HR isn’t really necessary, is it, when you only have a handful of employees?
That’s a question that many startups and newly formed small businesses ask themselves. They have limited resources: every bit of capital needs to go to their revenue-generating product or service; and with only a small team of employees, time is always crunched. Frequently, HR is seen as a job function that belongs to larger, more established companies, something that these small and new organizations will invest in “someday.”
That decision can have fateful consequences. Just ask the following companies.
Homejoy: shut down after employee misclassification fiasco.
Homejoy, a home-cleaning marketplace company, offered a promising service but ended up shutting down in 2015. The deciding factor, according to CEO Adora Cheung, was “four pending lawsuits against Homejoy from independent contractor cleaners who claimed they were really employees.” Employee classification is a perennial hot-button topic at the IRS, and misclassification can generate everything from severe tax penalties to litigation that can end startups before they can really get going. Given how frequently startups delve into the so-called “gig economy” for labor, questions of worker classification loom large over small operations – with sometimes momentous consequences.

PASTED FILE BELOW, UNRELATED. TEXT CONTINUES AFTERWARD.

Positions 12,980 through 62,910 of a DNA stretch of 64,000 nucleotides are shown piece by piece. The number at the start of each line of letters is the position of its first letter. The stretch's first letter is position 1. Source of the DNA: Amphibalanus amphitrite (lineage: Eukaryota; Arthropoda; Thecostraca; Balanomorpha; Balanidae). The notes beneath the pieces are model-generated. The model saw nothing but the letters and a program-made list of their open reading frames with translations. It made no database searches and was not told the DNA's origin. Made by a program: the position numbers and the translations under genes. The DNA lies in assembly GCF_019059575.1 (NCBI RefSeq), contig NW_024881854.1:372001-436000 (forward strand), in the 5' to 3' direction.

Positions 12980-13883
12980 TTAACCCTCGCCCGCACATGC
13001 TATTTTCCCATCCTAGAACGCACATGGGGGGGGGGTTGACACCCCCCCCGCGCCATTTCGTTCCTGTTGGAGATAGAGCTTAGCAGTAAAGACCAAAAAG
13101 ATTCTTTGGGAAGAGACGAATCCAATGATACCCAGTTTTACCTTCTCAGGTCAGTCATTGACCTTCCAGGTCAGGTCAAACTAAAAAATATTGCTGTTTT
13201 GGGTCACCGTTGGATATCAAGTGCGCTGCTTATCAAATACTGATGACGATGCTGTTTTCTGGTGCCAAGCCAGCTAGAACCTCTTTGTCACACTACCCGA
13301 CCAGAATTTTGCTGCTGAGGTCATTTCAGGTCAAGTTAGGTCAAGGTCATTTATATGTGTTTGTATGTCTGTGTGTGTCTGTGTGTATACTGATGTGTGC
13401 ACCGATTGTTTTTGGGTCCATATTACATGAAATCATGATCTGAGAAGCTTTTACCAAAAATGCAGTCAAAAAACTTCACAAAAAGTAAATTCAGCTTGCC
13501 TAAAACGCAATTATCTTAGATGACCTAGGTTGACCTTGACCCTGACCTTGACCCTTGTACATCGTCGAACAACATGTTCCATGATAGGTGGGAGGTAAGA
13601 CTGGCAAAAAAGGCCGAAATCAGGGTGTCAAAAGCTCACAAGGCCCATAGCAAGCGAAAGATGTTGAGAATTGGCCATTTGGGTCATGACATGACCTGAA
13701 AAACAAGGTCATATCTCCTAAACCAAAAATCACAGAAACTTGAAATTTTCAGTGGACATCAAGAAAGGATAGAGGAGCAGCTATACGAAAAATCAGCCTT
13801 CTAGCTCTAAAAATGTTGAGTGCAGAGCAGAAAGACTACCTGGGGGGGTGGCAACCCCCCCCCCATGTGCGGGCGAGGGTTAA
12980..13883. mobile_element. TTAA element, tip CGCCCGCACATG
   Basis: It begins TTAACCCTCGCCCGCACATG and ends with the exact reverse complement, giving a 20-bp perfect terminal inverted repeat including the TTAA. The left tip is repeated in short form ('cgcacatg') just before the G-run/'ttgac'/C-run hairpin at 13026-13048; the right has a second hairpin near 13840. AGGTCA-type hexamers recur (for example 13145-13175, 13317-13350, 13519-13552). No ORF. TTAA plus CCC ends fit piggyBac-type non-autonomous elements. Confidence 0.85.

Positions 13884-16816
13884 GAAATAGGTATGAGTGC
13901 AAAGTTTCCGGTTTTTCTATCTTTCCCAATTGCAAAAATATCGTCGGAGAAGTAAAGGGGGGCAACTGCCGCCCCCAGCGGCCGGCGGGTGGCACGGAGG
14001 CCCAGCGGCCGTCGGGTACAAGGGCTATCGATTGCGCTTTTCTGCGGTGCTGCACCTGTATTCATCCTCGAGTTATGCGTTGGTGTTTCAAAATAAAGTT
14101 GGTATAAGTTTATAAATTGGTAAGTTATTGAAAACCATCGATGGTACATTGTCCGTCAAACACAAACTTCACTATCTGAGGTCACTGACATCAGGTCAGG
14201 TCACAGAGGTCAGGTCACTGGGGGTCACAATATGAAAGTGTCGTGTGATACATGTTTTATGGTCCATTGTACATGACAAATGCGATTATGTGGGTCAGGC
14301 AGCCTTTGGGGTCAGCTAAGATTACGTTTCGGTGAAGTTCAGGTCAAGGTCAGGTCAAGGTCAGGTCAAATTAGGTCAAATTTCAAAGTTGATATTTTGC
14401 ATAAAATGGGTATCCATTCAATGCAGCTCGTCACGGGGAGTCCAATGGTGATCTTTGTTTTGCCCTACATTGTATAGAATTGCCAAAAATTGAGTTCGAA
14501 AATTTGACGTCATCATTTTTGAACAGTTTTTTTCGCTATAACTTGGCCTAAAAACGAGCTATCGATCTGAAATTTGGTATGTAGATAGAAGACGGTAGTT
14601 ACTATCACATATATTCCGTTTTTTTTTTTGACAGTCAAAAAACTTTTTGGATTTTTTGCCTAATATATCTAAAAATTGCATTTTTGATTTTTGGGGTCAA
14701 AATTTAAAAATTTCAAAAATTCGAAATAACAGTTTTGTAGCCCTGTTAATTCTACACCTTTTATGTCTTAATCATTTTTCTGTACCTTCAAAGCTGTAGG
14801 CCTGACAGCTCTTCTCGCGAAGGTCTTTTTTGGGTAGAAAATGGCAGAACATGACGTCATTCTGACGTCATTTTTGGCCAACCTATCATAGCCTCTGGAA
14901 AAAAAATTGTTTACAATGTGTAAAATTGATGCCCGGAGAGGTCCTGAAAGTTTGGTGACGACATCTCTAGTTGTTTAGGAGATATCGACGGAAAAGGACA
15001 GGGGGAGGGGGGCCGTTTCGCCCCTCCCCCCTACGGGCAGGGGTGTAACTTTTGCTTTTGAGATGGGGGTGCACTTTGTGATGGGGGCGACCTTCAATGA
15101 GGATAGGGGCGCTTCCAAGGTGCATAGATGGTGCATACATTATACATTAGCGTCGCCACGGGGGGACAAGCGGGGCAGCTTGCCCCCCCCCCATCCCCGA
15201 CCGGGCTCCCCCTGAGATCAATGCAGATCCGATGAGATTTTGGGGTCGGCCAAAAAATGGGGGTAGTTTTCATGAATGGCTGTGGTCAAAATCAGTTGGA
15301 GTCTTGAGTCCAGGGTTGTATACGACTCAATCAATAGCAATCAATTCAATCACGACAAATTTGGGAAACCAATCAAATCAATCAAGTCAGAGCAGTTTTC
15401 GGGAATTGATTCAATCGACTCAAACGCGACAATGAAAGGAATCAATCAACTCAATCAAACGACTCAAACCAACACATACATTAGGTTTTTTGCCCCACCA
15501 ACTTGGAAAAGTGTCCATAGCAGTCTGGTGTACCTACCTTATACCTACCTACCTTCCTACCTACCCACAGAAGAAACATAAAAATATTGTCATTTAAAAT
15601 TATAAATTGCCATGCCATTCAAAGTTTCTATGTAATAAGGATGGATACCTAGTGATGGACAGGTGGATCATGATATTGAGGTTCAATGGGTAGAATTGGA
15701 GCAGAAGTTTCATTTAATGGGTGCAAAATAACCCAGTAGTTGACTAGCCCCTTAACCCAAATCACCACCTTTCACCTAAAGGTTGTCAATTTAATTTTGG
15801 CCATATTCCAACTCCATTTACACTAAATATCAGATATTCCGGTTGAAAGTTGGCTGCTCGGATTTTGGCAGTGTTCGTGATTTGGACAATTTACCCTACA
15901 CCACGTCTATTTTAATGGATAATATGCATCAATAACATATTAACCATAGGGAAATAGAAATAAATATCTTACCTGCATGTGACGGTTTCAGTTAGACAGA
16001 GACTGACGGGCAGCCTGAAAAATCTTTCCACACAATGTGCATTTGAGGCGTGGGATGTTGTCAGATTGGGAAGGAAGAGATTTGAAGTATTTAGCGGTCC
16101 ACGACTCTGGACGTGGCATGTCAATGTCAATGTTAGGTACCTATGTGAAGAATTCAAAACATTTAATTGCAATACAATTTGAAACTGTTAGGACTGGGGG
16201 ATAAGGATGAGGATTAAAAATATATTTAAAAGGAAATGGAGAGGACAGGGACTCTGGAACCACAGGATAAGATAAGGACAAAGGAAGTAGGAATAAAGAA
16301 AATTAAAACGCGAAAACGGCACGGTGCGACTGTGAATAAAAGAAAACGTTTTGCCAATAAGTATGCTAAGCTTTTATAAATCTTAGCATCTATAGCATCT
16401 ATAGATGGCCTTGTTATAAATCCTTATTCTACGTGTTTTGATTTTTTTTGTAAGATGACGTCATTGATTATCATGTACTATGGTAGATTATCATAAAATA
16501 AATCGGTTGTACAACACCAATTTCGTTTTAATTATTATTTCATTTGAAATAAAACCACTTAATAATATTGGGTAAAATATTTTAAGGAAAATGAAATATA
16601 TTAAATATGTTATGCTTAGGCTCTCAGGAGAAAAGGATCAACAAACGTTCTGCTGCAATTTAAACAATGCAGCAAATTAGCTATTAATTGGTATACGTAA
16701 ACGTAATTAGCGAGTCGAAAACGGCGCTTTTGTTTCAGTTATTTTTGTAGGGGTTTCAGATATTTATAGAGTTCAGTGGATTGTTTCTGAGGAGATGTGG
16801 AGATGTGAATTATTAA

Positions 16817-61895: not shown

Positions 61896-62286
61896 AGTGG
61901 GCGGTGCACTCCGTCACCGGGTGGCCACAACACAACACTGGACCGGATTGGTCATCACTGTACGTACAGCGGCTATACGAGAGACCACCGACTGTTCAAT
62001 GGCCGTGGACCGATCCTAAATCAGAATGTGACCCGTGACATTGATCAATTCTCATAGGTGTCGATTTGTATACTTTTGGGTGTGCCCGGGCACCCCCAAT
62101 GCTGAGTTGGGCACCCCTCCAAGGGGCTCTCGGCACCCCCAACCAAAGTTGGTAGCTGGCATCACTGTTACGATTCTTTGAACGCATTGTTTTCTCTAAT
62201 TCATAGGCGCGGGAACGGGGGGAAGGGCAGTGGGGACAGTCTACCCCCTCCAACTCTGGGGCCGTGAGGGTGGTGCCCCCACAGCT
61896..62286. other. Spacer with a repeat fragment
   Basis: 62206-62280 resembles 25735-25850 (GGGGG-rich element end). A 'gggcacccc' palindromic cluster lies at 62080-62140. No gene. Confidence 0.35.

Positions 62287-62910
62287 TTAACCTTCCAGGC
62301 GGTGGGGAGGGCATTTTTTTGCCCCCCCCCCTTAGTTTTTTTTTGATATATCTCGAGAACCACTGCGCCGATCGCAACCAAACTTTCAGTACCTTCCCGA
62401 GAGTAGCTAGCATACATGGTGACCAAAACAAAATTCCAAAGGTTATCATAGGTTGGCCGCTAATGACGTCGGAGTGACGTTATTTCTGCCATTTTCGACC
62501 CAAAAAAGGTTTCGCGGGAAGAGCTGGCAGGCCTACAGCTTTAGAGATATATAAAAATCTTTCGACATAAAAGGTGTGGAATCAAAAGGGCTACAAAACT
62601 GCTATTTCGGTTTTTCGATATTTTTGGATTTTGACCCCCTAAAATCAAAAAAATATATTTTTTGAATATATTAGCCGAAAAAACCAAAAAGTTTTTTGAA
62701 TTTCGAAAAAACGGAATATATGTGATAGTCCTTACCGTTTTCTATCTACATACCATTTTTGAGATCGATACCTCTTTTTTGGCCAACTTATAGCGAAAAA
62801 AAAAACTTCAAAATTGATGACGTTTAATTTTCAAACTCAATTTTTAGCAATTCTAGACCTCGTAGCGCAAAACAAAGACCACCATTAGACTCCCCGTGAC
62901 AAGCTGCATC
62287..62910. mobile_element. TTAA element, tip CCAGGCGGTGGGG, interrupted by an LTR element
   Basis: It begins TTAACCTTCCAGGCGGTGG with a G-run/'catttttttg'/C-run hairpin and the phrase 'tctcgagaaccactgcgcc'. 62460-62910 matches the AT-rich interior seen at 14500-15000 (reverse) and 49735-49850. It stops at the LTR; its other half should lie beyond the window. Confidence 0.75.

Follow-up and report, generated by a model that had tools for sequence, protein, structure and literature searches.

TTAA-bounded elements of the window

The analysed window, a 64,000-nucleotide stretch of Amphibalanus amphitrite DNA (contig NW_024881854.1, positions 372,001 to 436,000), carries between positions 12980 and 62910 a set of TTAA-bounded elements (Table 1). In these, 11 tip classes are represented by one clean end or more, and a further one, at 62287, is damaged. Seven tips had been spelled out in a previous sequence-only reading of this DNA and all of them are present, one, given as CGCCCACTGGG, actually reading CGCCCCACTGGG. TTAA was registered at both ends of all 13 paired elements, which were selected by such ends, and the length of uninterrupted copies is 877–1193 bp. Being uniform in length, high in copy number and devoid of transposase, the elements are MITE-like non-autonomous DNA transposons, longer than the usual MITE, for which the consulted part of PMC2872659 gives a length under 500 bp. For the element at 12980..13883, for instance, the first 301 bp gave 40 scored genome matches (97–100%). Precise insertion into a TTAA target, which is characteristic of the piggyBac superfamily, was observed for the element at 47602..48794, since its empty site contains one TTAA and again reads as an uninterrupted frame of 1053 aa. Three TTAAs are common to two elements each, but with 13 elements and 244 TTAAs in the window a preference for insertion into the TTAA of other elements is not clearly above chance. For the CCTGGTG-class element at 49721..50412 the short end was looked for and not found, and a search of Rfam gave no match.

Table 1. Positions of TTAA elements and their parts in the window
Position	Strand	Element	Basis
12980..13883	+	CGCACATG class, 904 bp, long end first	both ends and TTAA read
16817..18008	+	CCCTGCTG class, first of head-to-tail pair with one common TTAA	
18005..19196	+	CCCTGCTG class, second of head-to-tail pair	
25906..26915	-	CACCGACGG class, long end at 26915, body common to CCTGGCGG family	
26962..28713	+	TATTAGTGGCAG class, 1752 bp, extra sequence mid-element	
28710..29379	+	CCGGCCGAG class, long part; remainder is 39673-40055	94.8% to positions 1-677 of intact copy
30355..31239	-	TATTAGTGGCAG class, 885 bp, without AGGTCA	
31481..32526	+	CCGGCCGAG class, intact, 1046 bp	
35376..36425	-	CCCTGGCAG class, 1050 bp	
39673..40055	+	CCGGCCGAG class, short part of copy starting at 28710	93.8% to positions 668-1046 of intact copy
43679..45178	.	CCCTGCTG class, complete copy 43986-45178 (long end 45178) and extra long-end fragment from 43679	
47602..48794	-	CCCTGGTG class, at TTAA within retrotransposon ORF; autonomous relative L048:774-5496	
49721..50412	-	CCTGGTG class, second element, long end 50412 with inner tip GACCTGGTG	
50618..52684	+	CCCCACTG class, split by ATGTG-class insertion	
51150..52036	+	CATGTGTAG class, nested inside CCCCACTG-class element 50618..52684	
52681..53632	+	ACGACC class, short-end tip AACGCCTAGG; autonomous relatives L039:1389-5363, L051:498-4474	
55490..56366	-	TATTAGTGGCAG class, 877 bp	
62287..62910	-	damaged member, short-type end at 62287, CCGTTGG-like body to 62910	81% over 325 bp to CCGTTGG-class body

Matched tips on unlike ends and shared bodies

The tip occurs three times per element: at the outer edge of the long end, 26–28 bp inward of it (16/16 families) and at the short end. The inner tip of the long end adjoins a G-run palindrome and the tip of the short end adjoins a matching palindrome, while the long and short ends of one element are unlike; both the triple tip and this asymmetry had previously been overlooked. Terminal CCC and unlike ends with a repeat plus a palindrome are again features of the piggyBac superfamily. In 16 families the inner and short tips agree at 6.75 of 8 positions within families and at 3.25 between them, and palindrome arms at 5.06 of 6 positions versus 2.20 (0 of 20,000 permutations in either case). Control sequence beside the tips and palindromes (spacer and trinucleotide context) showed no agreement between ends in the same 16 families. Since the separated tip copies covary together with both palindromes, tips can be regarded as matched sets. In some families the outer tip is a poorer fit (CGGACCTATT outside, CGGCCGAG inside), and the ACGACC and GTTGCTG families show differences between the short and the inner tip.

Uber: a long string of legal problems cost the company its CEO.
Uber is hardly a startup or small business anymore, but when it was still small, it made a fateful decision to forego a serious HR operation. Former CEO Travis Kalanick felt HR’s duty was best limited to recruiting. Uber – and Kalanick – has been paying the price ever since. Uber shares some issues with Homejoy with complaints and lawsuits alleging that drivers are employees rather than contractors. In 2016, Uber settled one lawsuit to keep drivers in California and Massachusetts as independent contractors, but legal questions continue to plague the company. Earlier this year, New York deemed drivers as employees for unemployment purposes. Of course, Uber’s real nightmare has been business-threatening allegations of harassment and misconduct, which led to Kalanick’s resignation.
Thinx: targeted by litigation alleging harassment and mistreatment, lost its CEO.
CEO Miki Agrawal of Thinx, which makes undergarments for women, “never developed HR policies or hired an HR manager,” according to Bloomberg. Now, she’s out as CEO. In the absence of HR-savvy procedures and protocols, the company behaved erratically toward employees, leading to accusations of poor pay, inappropriate behavior, and even sexual harassment. In addition to lawsuits filed against the company, their corporate branding suffered as well, with employees and customers questioning their image as a feminist-friendly organization.
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